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A Bookaholic, Pro-life, Pro-Family, Pro-Oxford Comma, Catholic (with Asperger's) who reads and writes as her obsession. I've been reading over 400 books a year lately. These are my ramblings on some of the books I read. To read about all the books I read and comment on, visit me at LibraryThing or Goodreads.

I've been blogging since 2007 and at this point (July 2015) am trying my hand at turning the theme of this blog towards mystery, thriller, and crime, fiction and nonfiction. I have some special interest topics and categories within this broad genre which include (but are not limited to) serial killers, scandi-crime, Victorian history and historicals, history of the criminally insane and asylums, psychopathology, death, funerary practices and burial, corpses, true crime and anything dealing with the real life macabre, or that portrayed in fiction.

I also read a short story a day from various collections, sometimes anthologies othertimes collections of a single author's work. These reviews are also posted here and while they are of mixed genre the mystery, thriller, horror, gothic and macabre often appear within their pages as well.


I also blog about
graphic novels and manga on a separate BLOG.

Wednesday, December 22, 2010

284. On the Blue Comet by Rosemary Wells

On the Blue Comet by Rosemary Wells. Illustrated by Bagram Ibatoulline (Canada) - (USA)

Pages: 329
Ages: 9+
Finished: Dec. 15, 2010
First Published: Sept. 28, 2010
Publisher: Candlewick Press
Genre: children, historical fantasy, time travel
Rating: 4/5

First sentence:


We lived at the end of Lucifer Street, on the Mississippi River side of Cairo, Illinois.


Acquired: Received a review copy from Candlewick Press.

Reason for Reading: I've read a few of the author's books and this time it was the historical fiction aspects along with the time travel that drew me to this book. Plus I do also have a thing for old trains.

Oscar Ogilvie lives in the early 1930's. It is Christmas Eve, 1931 to be exact when the action starts to take place in the book. But a bit earlier than this we get to know Oscar and his dad who have a passion for model train collecting and have spend hours in their basement working with their layout. Oscar's dad doesn't do too badly with his job at John Deere and they have accumulated a nice set of Lionel trains. But the crash of '29 hits and eventually his dad loses his job, sells the house and the train set, goes to California to find work and leaves Oscar behind with his prim and proper spinster sister. Then on the evening in question, Oscar is visiting the nightwatchman at the bank, a friend, who lets him play with the train layout on display there, the one that used to be his. On that fateful night the bank is robbed and Oscar jumps for his life into the miniature train layout to find himself in the future where he works his way to join his father in California. Only Oscar is now 21 years old and the date is 1941 and he's been missing, presumed kidnapped all these years. As Oscar tries to get back home to 1931, he takes a side trip to 1926 where he is only 6 years old.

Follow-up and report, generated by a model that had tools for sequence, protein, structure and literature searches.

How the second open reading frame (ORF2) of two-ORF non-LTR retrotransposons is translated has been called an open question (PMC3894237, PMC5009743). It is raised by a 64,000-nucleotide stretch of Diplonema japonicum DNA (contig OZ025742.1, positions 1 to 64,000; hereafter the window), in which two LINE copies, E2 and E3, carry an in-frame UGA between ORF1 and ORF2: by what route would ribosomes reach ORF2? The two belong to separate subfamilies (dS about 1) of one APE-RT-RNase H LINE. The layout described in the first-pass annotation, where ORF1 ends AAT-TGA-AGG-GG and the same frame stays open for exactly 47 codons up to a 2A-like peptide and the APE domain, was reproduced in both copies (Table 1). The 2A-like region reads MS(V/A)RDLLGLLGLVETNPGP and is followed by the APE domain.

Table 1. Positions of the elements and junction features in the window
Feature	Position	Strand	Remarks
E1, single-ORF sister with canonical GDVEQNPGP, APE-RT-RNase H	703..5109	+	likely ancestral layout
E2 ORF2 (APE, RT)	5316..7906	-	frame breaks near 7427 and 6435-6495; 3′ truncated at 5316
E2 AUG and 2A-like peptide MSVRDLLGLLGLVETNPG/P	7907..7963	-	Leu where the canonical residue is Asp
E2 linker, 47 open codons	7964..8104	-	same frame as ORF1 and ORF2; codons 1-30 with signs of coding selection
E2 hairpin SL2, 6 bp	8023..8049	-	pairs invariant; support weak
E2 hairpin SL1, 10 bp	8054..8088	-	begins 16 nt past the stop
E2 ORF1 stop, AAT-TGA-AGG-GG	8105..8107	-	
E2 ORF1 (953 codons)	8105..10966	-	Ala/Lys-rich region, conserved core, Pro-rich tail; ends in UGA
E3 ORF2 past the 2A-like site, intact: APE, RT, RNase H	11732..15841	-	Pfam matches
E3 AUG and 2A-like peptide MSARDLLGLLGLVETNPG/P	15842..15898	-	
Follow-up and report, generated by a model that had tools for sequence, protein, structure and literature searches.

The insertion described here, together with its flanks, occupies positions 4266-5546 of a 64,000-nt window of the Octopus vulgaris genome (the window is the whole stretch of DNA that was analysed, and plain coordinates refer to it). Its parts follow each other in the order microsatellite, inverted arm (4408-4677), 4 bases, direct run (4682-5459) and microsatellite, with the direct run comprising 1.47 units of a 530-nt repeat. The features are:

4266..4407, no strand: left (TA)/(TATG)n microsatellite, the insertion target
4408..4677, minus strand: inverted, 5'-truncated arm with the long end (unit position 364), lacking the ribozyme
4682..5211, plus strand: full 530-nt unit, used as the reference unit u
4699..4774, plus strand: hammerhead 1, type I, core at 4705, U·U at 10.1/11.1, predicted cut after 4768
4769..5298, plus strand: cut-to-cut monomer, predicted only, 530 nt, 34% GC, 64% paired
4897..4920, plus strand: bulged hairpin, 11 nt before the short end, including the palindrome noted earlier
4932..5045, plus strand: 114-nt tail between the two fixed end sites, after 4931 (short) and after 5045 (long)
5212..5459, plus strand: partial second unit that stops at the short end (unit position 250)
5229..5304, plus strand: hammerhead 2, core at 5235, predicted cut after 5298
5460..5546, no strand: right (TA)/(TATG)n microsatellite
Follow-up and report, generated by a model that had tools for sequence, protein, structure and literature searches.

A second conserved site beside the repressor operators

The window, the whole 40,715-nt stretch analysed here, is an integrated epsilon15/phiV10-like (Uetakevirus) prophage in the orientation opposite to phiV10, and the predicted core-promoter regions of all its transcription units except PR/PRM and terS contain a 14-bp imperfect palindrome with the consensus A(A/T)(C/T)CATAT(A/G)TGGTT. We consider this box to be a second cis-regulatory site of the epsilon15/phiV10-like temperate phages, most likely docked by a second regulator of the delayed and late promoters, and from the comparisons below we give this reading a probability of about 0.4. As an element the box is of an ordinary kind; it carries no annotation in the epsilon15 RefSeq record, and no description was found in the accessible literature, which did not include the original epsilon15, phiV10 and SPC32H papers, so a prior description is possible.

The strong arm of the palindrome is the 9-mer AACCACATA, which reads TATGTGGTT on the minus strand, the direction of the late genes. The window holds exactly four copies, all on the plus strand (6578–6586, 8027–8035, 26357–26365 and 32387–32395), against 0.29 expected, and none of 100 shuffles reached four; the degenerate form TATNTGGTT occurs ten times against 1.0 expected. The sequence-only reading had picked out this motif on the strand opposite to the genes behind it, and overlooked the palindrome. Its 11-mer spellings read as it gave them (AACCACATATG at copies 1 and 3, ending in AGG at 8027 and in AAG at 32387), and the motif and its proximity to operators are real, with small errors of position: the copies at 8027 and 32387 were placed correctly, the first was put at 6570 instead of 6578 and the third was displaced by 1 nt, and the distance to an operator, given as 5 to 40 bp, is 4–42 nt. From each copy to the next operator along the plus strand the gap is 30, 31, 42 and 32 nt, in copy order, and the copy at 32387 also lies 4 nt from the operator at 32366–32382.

This was a fun book. Oscar is a quick thinking character and an enjoyable one to know. Even though he gets himself into this mess to start with he is generally a nice boy with good intentions who prays Hail Marys when things become too intense for him to handle. Oscar is an average kid who loves his dad very much and on his travels he always befriends someone who helps him through each stage of his journey. While Oscar's main focus is to return home, he also is desperately trying to remember the details of the robbery as he has learnt in the future that a $10,000 reward was offered by the bank for the capture of the criminals.

The time travel aspect is fantasy based and just happens when Oscar's need is so great, usually from fear, and it is never scrutinized or explained away. One must suspend reality to accept this part of the book and also the number of people he eventually tells his story to who believe his tale is unrealistic and must be taken at face value. The historical fiction side of the book is informative while being entertaining. Much is learnt about the stock market crash and how the depression affected the rich, poor and middle classes. The 1941 era imparts mostly information about the bombing of Pearl Harbour and the war with Japan and finally the 1926 episode is the shortest mainly focusing on the restricted lifestyle of a rich girl who would rather be playing baseball than wearing frilly dresses and playing with dolls.

The illustrations are simply divine. Full colour paintings one would expect to find in a picture book, not your usual MG chapter book. So realistic and charming, they have a sense of Norman Rockwell to them. The book's not heavily illustrated, but there are enough so that just as you are feeling that it's about time for a picture one comes along. Many of them are two page spreads to boot!

A good romp, with lots of excitement and adventure. Oscar meets many interesting people along the way and situations are always turning from humorous to fraught with tension. This is a good "boy book" with unique plot elements making it stand out from the usual fare being offered these days.

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